CM 091: Seth Stephens-Davidowitz on Big Data as Truth Serum

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Blog Post - Seth and LiesDo you really know your neighbors or coworkers?

To understand human behavior, we need research participants who act and respond truthfully. But that is a tall order when it comes to topics that are embarrassing or even incriminating. Social scientists have found it hard to get honest answers when asked about topics that might reveal racism, sexism, gluttony or a slew of other socially unacceptable traits.

Researchers like Seth Stephens-Davidowitz have found a way around that problem by analyzing data from our over 3.5 billion daily Google searches. And it turns out that the candid words, phrases, and questions we type in reveal a whole lot about us.

Seth is the author of the bestselling book, Everybody Lies: Big Data, New Data, and What the Internet Can Tell Us about Who We Really Are. He is also a New York Times op-ed contributor, a visiting lecturer at The Wharton School, and a former Google data scientist.

In this interview we discuss:

  • How Internet datasets help us ask bigger questions than ever before
  • How word and picture data expand the kinds of questions we can ask and yield unexpected insights
  • How data from our over 3.5 billion daily Google searches serves as a digital truth serum for learning more about what we actually think and do
  • How big data is giving researchers insights into small groups of people we rarely had before  
  • How big data is helping researchers engage in rapid experimentation and conduct quick tests to see how people respond
  • How horse racing analytics data scientists like Jeff Seder help us think beyond traditional data sets to uncover game-changing findings
  • How night lights in India revealed key insights regarding economic activity
  • Just how much creativity is involved in data science research
  • How researchers studied big data in the hopes of helping political leaders shift hate group behaviors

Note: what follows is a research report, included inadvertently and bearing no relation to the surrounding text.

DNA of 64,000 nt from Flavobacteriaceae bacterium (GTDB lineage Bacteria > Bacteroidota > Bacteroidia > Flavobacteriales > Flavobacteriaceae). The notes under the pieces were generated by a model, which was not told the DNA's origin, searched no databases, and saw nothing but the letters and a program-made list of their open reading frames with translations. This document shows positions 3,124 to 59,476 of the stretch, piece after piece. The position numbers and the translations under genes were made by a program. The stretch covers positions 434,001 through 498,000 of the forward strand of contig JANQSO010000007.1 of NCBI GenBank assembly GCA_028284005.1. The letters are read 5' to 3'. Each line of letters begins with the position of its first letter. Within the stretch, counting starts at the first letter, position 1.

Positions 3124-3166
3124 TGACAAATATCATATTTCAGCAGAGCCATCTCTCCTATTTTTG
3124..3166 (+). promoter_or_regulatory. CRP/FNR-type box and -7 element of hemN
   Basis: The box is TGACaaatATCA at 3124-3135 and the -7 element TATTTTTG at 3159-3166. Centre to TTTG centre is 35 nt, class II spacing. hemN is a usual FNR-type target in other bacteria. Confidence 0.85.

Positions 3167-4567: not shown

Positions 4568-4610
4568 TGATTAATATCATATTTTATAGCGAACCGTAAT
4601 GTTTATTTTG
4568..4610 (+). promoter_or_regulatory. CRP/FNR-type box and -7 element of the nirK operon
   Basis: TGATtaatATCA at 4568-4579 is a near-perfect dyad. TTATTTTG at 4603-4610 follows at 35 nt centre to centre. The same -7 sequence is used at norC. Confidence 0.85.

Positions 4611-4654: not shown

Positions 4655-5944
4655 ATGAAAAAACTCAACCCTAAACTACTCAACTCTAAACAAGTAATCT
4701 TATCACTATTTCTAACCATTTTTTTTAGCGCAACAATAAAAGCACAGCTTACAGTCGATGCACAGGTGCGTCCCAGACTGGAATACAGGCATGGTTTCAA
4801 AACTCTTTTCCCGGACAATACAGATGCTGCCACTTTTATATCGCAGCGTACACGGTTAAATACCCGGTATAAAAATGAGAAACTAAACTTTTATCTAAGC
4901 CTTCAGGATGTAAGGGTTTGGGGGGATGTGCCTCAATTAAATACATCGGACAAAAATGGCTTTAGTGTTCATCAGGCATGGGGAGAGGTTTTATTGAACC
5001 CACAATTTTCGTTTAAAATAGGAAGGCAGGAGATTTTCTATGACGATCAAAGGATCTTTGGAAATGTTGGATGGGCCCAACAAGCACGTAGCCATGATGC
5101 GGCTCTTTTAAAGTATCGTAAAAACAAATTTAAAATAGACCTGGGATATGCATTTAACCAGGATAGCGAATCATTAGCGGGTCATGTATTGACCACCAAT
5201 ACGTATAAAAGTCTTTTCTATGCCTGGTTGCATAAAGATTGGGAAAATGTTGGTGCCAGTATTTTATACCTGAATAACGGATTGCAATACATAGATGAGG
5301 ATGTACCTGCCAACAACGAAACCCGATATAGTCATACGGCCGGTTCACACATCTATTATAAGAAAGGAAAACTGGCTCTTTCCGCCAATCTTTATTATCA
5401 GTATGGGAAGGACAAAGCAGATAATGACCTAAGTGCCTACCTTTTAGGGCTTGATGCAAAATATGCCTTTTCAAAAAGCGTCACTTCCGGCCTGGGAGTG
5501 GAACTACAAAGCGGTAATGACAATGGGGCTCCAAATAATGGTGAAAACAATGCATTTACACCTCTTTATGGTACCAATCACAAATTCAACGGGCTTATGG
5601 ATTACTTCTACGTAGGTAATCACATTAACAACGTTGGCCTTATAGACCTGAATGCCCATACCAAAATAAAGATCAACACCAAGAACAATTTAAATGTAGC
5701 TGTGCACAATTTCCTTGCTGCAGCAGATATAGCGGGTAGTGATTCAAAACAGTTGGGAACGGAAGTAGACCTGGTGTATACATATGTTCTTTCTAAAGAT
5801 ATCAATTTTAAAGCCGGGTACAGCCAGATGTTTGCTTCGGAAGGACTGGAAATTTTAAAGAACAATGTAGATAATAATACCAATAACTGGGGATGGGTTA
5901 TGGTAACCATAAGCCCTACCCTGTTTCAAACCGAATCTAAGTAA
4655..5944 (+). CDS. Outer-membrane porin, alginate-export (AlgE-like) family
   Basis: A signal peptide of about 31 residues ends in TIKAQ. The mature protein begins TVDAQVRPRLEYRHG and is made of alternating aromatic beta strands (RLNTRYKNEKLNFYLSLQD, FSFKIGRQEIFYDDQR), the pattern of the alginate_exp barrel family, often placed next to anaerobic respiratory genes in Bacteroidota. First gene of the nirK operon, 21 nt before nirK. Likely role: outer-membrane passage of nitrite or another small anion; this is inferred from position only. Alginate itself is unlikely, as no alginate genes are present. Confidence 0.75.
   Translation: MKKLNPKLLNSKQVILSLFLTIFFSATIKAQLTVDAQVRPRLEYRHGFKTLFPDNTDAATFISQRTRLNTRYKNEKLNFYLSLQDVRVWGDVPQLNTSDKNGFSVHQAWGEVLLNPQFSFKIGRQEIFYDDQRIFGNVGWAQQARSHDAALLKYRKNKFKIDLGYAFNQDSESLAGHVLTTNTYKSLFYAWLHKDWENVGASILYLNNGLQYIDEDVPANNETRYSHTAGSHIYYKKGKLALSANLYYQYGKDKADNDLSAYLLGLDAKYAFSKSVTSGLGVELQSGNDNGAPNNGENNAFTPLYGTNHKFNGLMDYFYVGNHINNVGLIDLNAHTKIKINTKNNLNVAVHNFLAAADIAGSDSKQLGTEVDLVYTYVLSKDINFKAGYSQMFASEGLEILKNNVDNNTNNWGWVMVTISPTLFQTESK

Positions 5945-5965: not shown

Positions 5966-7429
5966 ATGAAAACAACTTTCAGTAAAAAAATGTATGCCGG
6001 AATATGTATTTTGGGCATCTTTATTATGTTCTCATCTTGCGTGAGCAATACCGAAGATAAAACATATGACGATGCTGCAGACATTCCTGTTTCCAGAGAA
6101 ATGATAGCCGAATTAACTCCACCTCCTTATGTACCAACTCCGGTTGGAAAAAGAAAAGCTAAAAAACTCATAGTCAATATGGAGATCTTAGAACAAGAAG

• What Google search analysts learned about gender from searches on children and intelligence
  • What we are learning about poverty and economic mobility from big data
  • The connection between the health of poor people and the number of rich people living nearby
  • The connection between the number of tax accountants and how many people cheat on their taxes
  • How data scientists are using our doppelgangers to anticipate what we might want to buy
  • How the healthcare industry can use doppelgangers to personalize treatment
  • The fact that Google conducts more experiments in one day than the FDA does in one year
  • How your love of curly fries may signal high intelligence to prospective employers
  • How it is becoming harder than ever for regulators to stay ahead of all the things companies can know about us as the number of variables keeps on growing
  • How researchers may use big data to figure out, once and for all, which foods are nutritious — and whether we really should be eating broccoli

Links to Topics Mentioned in this Podcast


Freakonomics by Steven Levitt and Stephen Dubner

Jeff Seder

American Pharoah

Night Lights and Economic Activity in India

2015 San Bernardino Attack

President Obama speech in response to 2015 San Bernardino attack

The Rise of Hate Search New York Times article

Weapons of Math Destruction by Cathy O’Neil

The Better Angels of Our Nature by Steven Pinker

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Thank you to Emmy-award-winning Creative Director Vanida Vae for designing the Curious Minds logo, and thank you to Rob Mancabelli for all of his production expertise!



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